Bill Peduto: 'Pittsburgh Was Already a Decade Ahead'- CityLab

Pittsburgh Mayor William (Bill) Peduto, who just began his second term this year, has presided over a historic era of change in that city. Back in 2002, I wrote my book The Rise of the Creative Class while living in Pittsburgh and teaching at Carnegie Mellon. I dubbed the city my “base case” in the transition from an industrial to a knowledge-based economy. “If Pittsburgh, with all of its assets and its emerging human creativity, somehow can’t make it in the Creative Age,” I wrote, “I fear the future does not bode well for other older industrial communities and established cities.”

Today, it looks like Pittsburgh has made it. It is more likely to be mentioned in the same breath with tech hubs like Austin and Seattle than with its Rust Belt peers.

Thanks to pioneering research at Carnegie Mellon University, and new labs for leading tech companies like Uber and Google, Pittsburgh has become a global leader in robotics and autonomous vehicles. As in other tech hubs, however, recent economic growth has not been widely distributed enough. In response, Peduto has launched a number of programs aimed at more inclusive prosperity.

In the interest of full disclosure, I’ve known Peduto for the better part of two decades. Back in the day, when he was a councilman, we’d meet up for beers in local dive bars. When he ran for mayor, I held a fundraiser for him in my Pittsburgh home. Well before he was mayor he was a full-fledged urban policy wonk.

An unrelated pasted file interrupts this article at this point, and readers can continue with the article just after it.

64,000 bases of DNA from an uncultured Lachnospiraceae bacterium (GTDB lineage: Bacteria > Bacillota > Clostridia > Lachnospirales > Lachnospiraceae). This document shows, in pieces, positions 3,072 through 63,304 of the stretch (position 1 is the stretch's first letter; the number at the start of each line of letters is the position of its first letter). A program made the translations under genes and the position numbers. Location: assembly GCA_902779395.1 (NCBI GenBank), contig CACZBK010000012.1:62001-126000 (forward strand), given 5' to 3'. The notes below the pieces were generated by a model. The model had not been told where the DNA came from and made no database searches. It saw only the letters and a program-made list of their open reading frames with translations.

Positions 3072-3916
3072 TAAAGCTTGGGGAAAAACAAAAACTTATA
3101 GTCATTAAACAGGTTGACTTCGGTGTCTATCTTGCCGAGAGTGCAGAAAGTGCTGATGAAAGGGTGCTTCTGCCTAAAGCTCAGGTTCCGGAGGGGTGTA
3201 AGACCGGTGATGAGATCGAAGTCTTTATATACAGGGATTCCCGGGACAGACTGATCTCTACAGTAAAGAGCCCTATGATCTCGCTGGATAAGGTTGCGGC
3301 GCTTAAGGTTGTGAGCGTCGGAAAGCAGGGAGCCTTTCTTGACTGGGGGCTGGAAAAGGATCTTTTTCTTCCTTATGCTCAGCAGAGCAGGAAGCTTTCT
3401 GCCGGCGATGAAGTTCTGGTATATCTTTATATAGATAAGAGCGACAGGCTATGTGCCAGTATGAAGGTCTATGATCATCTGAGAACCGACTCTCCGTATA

In our chat, Peduto and I revisited some of the urban issues we used to discuss back then, as well as the changes that have occurred in Pittsburgh over the course of his mayoralty.

When I was living in Pittsburgh back in the early 2000s, my students would move to places like San Francisco or New York immediately after they graduated. But now we’re starting to see people decamping from those places to come to Pittsburgh. What’s behind that change?

When you were living here, the rest of this country was booming. Panera Breads took over every street corner, Starbucks right next to them. But Pittsburgh’s economy was still coming out of a depression. There was no investment being made here when the rest of the country became “Anywhere USA.”

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